DEMOCRATS ARE licking their wounds, arguing about what or whom to blame and opening a fight over who should next lead the party. That’s normal after losing the presidency, both chambers of Congress and all but 15 governorships. They also are beginning to argue about what the party should stand for. That, too, is normal — and potentially healthy. The country will be better off if it has a vibrant, left-of-center party making the case for progressive views.
But what does it mean to be progressive? We don’t propose to lay out an agenda here — this is a debate that will and should go on for months, hopefully drawing on new ideas and up-and-coming leaders, and we expect to return to it often. We would, though, like to suggest that in some key areas, the people who are defining themselves as the progressive wing of the Democratic Party — identified with Sens. Bernie Sanders (I-Vt.) and Elizabeth Warren (D-Mass.) — are embracing principles that are not genuinely progressive.
Specifically: They want to enlarge government entitlements and hand out the benefits as broadly as possible — free college, free health care, expanded Social Security — regardless of need or available resources. They emphasize redistribution over growth. And their ostensible protection of American workers leaves no room to consider the welfare of poor people elsewhere in the world. On all three counts, we think that the higher moral ground and the smarter policy lie elsewhere.
Take free college, a key plank of Mr. Sanders’s presidential campaign. Generally two arguments are offered for making such a benefit universal. One is political: If everyone gets a benefit, everyone will press Congress or state legislatures to keep funding it. The other is moral: This is something society should do. We don’t make the wealthy pay tuition for high school; why should college be any different?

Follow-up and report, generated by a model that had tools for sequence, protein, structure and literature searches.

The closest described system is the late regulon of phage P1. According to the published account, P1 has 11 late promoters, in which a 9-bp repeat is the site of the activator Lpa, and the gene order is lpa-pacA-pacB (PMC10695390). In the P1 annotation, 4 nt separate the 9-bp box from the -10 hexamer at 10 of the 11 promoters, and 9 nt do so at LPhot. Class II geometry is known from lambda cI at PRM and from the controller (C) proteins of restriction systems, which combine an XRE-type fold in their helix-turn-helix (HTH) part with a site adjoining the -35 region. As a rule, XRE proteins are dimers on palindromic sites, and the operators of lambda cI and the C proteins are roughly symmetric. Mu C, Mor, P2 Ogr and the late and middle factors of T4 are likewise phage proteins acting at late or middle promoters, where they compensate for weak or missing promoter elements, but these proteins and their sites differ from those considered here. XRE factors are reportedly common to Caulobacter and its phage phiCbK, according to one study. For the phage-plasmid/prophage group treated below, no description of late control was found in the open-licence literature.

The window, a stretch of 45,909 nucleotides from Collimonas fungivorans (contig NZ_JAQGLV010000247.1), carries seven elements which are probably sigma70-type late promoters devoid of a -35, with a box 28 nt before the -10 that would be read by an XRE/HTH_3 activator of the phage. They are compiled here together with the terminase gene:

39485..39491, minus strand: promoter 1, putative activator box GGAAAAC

Our answer — we would argue, the progressive answer — is that there are people in society with far greater needs than that upper-middle-class family in Fairfax County that would be relieved of its tuition burden at the College of William & Mary if Mr. Sanders got his wish. In an era of constrained resources, is the nation serious about helping the “left-behinds” in small-town America, whose plight President-elect Donald Trump supposedly championed? How about the mothers and children who remain trapped in multi-generational poverty in our biggest cities? Government programs should benefit those who most need the hand up.
The same is true of Social Security. You can expand benefits for everyone, as Ms. Warren favors. Prosperous retirees who live mostly off their well-padded 401(k)s will appreciate what to them will feel like a small bonus, if they notice it. But spreading wealth that way will make it harder to find the resources for the vulnerable elderly who truly depend on Social Security.
Here we pause for a moment of preventive self-defense, because the fiscal argument is easy to caricature. When we say that resources are constrained, we are not arguing that the budget has to be balanced tomorrow. We are not arguing against investments in infrastructure, education and research — all of which we favor.